Summary and Keywords
How do firms organize economic transactions? This question can be thought of as a question of firm boundaries or as a decision about a firm’s scope, encompassing the choice along a continuum of governance structures, including spot markets, short-term contracts, long-term contracts, franchising, licensing, joint ventures, and hierarchy (integration). Although there is no unified theory of vertical integration, transaction cost economics, agency theory, and more recently property rights theory have been influential not only in analyzing make-or-buy decisions but also in understanding “hybrid forms” or inter-firm alliances, such as technology licensing contracts, equity alliances, joint ventures, and the like.
Before Coase’s work became widely known, whatever theoretical underpinnings there were of vertical integration were provided by applications of neoclassical theory. Here, the firm was viewed as a production function that utilized the most technologically efficient way to convert input into output. In particular, neoclassical theory was concerned primarily with market power and the distortions that it created in markets for inputs or outputs as the main driver of vertical integration. Hence, the boundaries of the firm—that is, where to draw the line between transactions that occur within the firm and those outside the firm—were irrelevant within this framework. It was Coase’s question “Why is there any organization?” that first suggested that price mechanisms in the market and managerial coordination within firms were alternative governance mechanisms. That is, the choice between these alternative mechanisms was driven by a comparative analysis of the costs of implementing either mechanism.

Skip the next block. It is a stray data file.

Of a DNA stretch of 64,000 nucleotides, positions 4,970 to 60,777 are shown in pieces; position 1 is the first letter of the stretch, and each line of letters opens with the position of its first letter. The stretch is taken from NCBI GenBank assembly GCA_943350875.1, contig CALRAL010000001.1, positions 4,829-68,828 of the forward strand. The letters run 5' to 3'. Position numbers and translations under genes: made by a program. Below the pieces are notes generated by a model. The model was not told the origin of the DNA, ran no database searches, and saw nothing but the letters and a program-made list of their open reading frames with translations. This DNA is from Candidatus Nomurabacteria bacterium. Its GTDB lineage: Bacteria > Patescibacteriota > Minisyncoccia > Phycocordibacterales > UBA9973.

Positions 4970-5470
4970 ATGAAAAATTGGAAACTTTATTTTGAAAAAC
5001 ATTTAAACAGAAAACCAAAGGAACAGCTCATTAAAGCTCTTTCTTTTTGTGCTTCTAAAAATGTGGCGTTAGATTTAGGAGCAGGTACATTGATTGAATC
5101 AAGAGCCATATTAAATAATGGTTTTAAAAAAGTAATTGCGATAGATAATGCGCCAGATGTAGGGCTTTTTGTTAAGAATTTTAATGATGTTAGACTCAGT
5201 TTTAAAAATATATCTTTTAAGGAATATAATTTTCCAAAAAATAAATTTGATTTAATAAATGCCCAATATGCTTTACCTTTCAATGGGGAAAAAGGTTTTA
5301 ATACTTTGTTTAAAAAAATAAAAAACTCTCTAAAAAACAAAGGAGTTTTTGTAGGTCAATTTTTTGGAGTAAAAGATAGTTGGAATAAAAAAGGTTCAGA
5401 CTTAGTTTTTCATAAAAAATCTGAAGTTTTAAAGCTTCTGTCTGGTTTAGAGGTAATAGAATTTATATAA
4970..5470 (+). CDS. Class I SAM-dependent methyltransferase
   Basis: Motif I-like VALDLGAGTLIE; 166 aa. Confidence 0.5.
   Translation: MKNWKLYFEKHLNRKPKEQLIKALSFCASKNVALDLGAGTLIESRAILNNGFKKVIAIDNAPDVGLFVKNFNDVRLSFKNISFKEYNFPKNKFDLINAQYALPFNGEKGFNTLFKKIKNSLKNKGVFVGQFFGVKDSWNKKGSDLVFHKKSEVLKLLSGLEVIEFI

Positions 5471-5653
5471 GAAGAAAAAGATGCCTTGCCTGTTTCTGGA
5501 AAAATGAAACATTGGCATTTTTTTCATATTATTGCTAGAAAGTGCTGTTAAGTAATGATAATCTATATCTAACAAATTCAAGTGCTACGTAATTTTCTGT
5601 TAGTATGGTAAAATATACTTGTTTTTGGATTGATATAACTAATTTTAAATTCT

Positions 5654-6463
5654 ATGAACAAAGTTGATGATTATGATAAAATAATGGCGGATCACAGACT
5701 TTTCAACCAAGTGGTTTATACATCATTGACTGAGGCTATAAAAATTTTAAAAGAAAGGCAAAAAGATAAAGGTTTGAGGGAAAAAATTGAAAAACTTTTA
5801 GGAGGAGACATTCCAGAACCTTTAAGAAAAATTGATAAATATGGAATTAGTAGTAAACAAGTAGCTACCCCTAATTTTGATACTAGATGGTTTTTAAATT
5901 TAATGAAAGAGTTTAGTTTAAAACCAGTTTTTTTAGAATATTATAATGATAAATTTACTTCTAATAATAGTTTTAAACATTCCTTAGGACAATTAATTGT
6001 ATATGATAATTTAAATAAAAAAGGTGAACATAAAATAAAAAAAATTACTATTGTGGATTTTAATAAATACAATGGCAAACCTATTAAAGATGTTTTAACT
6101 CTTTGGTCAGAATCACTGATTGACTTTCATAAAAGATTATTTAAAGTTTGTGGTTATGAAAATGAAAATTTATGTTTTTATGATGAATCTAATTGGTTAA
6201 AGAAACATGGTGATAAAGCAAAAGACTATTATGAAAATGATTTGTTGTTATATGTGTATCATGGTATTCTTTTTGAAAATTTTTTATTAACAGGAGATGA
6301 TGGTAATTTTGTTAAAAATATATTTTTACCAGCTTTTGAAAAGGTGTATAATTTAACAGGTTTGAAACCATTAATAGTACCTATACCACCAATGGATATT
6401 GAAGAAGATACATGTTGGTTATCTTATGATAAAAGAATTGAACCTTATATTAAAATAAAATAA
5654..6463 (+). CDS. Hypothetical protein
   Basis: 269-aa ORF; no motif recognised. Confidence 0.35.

Oliver Williamson built on Coase to provide the theoretical foundations for vertical integration by joining uncertainty and small numbers with opportunism in defining exchange hazards, and consequently established comparative analysis of alternative governance forms as the way to analyze vertical integration. More recently, property rights theory brought attention to ownership of key assets as a way to distinguish between the governance of internal organizations and those of market transactions, where ownership confers the authority to determine how these assets will be utilized. And lastly, agency theory also provides important building blocks for understanding contractual choice by placing the emphasis on the different incentives that vary with different contractual arrangements between a principal and its agent.
Transaction cost economics, property rights theory, and agency cost theory complement one another well in explaining vertical integration in terms of alternative governance forms in a world of asymmetric information, bounded rationality, and opportunism. These theories have also been utilized in analyzing “hybrid” organizational forms, in particular strategic alliances and joint ventures. Together, vertical integration and alliances account for a significant part of corporate strategy decisions, and more research on the theoretical foundations as well as novel ways to apply these theories in empirical analyses will be productive avenues for a better understanding of firm behavior.
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